Shortlink for Sharing:
Tweet about this on TwitterShare on LinkedInShare on FacebookShare on Reddit

Feeling Overworked? It’s Time To Make A Change.

Posted by .

Are you feeling overworked? You’re not alone. In fact, many workers around the world are feeling burnt out.

Does it feel like your daily to-do list is turning into more of a novel than a checklist? It can be hard to keep up with the demands placed on you. CIPD launched their new survey, UK Working Lives, to find out just how overworked people in the workforce feel. With 6,000 respondents, they were able to get a pretty sizeable sample of the nation. While the majority (64%) of people were feeling satisfied with their job, some other interesting news came to light. While most senior management feels very satisfied with their work, middle management can’t say the same.

More than a third (35%) of these workers said that they find themselves with too much work to do. as a result of this, it is not also surprising that almost one in four (23%) middle ranking employees regularly felt under excessive pressure.


© Flickr user sfllaw.

This feeling of being overworked isn’t limited to the UK alone, either. It’s a widespread issue with some very troubling news popping up in Japan. We’ve all heard about the overtime culture and how many hours Japanese people put in at work. One paper has claimed that 63 public school teachers have died due to overwork during a 10-year period. They even have a name for death by overwork, “karoshi.” During the years of 2007-2016, 92 applications for certification of death by overwork were received and 63 of those were certified. That doesn’t even cover those families who grieve in silence rather than fie a report.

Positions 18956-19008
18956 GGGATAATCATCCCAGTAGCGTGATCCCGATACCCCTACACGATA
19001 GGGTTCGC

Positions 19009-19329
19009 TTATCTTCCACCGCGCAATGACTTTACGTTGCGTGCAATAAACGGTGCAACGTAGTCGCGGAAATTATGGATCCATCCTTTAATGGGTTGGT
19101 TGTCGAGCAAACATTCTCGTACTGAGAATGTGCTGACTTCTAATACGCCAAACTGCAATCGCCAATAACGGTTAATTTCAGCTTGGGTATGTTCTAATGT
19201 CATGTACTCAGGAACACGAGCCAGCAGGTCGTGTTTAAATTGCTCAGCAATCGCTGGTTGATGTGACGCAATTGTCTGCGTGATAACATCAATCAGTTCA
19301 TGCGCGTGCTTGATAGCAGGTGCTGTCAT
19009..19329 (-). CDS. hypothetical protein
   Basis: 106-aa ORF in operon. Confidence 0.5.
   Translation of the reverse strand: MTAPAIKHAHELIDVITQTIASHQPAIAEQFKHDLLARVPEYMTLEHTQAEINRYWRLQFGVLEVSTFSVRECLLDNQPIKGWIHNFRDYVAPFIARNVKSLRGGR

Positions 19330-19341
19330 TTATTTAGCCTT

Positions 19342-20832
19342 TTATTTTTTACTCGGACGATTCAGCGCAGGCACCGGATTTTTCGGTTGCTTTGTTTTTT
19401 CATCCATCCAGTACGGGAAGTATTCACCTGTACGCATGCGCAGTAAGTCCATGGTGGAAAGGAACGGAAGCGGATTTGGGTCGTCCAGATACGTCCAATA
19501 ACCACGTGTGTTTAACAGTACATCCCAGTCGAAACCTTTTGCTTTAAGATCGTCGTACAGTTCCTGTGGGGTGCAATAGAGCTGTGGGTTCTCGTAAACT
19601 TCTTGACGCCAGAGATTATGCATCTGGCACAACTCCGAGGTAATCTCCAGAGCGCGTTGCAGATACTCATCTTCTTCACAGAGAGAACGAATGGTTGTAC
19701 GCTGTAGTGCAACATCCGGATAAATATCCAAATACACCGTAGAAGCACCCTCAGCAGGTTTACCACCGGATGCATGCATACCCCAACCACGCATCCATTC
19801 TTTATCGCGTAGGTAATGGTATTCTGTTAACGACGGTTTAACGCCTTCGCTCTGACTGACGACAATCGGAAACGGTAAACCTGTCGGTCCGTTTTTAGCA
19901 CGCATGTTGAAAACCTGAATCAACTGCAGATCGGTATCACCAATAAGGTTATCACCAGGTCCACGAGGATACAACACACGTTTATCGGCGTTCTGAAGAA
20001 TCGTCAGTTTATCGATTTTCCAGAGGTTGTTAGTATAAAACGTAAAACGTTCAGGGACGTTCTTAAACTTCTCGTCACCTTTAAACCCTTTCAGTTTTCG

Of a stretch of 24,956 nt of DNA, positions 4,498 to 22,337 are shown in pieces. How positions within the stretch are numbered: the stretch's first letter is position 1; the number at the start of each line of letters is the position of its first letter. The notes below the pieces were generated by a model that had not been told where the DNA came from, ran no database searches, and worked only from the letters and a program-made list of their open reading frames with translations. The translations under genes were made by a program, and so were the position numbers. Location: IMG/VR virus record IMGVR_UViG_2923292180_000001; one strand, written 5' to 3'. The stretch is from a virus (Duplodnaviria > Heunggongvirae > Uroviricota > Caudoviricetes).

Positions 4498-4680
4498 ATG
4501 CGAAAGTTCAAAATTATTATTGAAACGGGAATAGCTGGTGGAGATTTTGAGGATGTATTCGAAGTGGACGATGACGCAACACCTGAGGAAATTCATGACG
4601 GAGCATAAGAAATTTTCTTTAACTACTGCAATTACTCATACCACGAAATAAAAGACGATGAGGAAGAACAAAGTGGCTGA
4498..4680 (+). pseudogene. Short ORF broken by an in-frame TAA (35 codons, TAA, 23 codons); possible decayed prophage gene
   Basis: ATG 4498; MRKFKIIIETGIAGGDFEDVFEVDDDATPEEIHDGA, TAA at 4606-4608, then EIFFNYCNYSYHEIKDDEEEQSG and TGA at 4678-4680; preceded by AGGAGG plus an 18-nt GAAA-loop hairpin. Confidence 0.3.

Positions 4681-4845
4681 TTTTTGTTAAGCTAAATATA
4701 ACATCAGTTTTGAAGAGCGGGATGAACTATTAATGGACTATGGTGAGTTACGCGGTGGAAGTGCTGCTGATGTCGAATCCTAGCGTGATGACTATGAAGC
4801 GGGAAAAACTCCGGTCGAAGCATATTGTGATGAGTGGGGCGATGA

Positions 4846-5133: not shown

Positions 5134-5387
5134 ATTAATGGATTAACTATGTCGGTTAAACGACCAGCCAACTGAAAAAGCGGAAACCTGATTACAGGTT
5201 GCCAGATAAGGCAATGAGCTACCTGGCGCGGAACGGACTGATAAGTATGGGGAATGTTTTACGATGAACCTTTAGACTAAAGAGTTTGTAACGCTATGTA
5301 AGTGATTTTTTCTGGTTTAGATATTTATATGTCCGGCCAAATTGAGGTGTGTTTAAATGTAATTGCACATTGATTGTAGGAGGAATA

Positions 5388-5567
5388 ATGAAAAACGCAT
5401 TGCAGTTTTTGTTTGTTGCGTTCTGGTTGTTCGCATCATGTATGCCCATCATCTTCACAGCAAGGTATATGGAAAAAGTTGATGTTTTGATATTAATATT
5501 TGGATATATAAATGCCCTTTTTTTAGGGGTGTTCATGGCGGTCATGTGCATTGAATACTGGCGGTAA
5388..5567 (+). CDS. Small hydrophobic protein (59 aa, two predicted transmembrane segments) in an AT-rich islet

“Because awareness of working hours in schools has lagged behind, the reality is that it is difficult to even apply for government worker compensation,” said Professor Nobumoto Higuchi, who specialises in education at Meisei University.

“If the government is to promote work-style reform for educators, then it needs to first grasp the reality of the deaths caused by overwork – the worst result of long working hours.”

While it seems to be that there is no end in sight to the amount of work being piled on, the solution is to either find another job or try to manage your time better. It seems pretty bleak, I know, but there are some ways that you can seek out more productivity by manipulating the time you spend at work. Forbes writer, John Rampton, has really outdone himself with his list of 20 time manipulation tips. Check out my favorite tips below!

1. Create a time audit.

If you really want to see where your time goes in a day, you should create a time audit. There are loads of apps out there that can do this for you. They’ll tell you where you’re spending the majority of your time and you adjust accordingly.

6. Learn to delegate/outsource.

You can’t do everything yourself. Here at AccelaWork, we know how tough it can be to accept such a thought, but you really have to learn how to delegate some tasks to others. You may think you’re the king or queen of multitasking, but you’ll only end up hurting your productivity.

7. Eliminate half-work.

Half-work is a common problem. Have you ever been in the middle of a task and your phone rings, pulling you away from completing it? Maybe your email notification dings and that project gets forgotten. Eliminate these distractions and stop partially finishing your work!

19. Batch similar task together.

Do you have some tasks on your list that are similar? Maybe you have to check emails and voicemails throughout the day. Or you have some data entry and filing to do. Rather than split up your time touching on these tasks separately throughout the day, group them together and handle them all at once!

Tweet about this on TwitterShare on LinkedInShare on FacebookShare on Reddit
Alyssa Shea

Alyssa Shea

Alyssa Shea transplanted from Illinois to South Carolina. She loves to write, read, and spend time with her dog and her family. Alyssa is very active on social media. She has been part of the AccelaWork team since 2013.
Alyssa Shea

Latest posts by Alyssa Shea (see all)